Vid Robot boffins have trained a swarm of mini-machines to work together, finding each other and grouping together to carry out simple tasks.
The 40-strong Robot Swarm Inspired by Nature (see video above) can fetch and carry much larger objects by working together like ants. They can also regroup after being scattered across the room and organise themselves by order of priority.
The medical benefits of a programmable group of nanobots are pretty obvious, but the swarm could also have military applications such as search and rescue operations in areas that are dangerous for human. The robots could even be put to use in manufacturing facilities.
"We are developing artificial intelligence to control robots in a variety of ways," Dr Roderich Gross, head of the Natural Robotics Lab at the University of Sheffield, said.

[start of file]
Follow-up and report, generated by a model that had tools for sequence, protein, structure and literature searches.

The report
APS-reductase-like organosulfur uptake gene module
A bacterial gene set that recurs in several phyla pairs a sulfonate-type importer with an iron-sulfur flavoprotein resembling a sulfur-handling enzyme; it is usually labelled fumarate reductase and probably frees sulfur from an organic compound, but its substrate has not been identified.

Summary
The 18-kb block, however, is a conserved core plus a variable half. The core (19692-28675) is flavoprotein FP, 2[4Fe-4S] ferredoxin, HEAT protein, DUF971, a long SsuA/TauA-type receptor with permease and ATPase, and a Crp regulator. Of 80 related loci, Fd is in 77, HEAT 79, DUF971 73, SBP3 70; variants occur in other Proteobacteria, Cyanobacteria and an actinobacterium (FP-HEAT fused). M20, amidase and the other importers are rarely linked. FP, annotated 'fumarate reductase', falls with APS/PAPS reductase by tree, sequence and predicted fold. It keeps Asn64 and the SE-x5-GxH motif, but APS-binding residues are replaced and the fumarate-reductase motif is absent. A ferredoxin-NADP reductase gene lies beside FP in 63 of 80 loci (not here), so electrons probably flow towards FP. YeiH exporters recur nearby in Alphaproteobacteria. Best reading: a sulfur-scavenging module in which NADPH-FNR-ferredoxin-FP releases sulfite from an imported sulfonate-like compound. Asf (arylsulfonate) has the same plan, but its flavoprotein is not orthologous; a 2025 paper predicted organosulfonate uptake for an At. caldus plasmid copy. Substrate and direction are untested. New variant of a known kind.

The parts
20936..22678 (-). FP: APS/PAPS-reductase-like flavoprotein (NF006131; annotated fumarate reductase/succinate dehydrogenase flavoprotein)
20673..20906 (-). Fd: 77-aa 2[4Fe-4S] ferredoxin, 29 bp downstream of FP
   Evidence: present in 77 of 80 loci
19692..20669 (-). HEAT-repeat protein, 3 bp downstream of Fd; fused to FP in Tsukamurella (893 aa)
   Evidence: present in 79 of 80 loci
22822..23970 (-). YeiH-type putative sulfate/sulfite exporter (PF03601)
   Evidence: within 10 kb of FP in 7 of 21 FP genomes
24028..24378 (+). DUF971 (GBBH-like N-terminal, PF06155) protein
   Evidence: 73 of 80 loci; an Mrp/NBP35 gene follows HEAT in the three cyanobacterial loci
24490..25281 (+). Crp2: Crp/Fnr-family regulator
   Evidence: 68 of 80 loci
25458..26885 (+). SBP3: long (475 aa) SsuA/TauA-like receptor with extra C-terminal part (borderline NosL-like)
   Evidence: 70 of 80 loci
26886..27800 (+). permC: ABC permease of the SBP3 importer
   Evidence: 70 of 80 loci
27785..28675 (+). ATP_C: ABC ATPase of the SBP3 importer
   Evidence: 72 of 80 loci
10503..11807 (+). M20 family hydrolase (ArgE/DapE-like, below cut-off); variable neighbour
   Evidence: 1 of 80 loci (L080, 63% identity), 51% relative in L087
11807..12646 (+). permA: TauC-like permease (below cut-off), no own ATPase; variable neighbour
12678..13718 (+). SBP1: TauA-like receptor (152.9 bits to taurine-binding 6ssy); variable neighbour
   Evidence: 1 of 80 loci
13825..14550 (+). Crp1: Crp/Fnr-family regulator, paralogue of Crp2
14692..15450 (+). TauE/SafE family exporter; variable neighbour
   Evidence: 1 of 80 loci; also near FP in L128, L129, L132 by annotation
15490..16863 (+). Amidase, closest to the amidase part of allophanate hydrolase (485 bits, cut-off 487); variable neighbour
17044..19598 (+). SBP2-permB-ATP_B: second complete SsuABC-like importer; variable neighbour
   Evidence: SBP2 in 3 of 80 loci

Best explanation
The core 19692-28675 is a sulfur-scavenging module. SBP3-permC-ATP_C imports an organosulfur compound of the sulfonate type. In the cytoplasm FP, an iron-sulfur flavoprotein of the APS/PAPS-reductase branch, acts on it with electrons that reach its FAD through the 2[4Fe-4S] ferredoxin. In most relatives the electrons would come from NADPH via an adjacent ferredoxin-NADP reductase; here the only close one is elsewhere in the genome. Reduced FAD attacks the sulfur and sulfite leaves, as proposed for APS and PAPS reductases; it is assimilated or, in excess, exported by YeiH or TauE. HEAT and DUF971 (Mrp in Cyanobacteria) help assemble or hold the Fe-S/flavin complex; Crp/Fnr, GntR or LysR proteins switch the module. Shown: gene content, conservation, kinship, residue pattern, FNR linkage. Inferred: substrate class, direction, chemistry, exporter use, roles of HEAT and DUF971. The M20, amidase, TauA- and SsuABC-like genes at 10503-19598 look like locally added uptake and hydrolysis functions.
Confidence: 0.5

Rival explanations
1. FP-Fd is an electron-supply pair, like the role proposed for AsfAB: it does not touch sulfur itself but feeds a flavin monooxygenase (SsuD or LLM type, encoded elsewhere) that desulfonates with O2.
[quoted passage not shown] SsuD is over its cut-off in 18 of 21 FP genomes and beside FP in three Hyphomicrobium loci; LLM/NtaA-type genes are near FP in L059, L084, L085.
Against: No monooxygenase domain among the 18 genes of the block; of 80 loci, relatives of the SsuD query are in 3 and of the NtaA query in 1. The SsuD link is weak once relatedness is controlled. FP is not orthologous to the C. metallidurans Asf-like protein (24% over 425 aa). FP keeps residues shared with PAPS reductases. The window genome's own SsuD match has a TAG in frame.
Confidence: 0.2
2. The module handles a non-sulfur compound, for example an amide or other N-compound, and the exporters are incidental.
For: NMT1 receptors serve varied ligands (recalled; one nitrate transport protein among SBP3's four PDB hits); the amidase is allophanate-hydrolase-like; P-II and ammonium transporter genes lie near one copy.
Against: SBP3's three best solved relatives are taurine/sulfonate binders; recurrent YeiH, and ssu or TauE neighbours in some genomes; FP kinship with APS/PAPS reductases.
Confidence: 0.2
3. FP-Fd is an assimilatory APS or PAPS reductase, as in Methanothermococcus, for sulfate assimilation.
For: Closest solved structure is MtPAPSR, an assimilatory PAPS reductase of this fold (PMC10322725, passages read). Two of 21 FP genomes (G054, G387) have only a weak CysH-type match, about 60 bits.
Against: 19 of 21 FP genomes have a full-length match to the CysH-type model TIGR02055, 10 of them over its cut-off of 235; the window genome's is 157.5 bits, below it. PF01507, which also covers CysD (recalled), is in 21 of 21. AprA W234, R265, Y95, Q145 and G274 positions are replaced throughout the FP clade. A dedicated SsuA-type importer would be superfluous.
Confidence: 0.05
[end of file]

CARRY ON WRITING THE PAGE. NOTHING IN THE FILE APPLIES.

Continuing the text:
"The key is to work out what is the minimum amount of information needed by the robot to accomplish its task. That’s important because it means the robot may not need any memory, and possibly not even a processing unit, so this technology could work for nanoscale robots; for example, in medical applications."
In the swarm, the amount that each robot needs to "know" is actually quite small. For example, if the nanobots are trying to group, they only need to figure out if there is another nanobot in front of them. If there isn't, then the robot has orders to move in a wider circle until it finds one. ®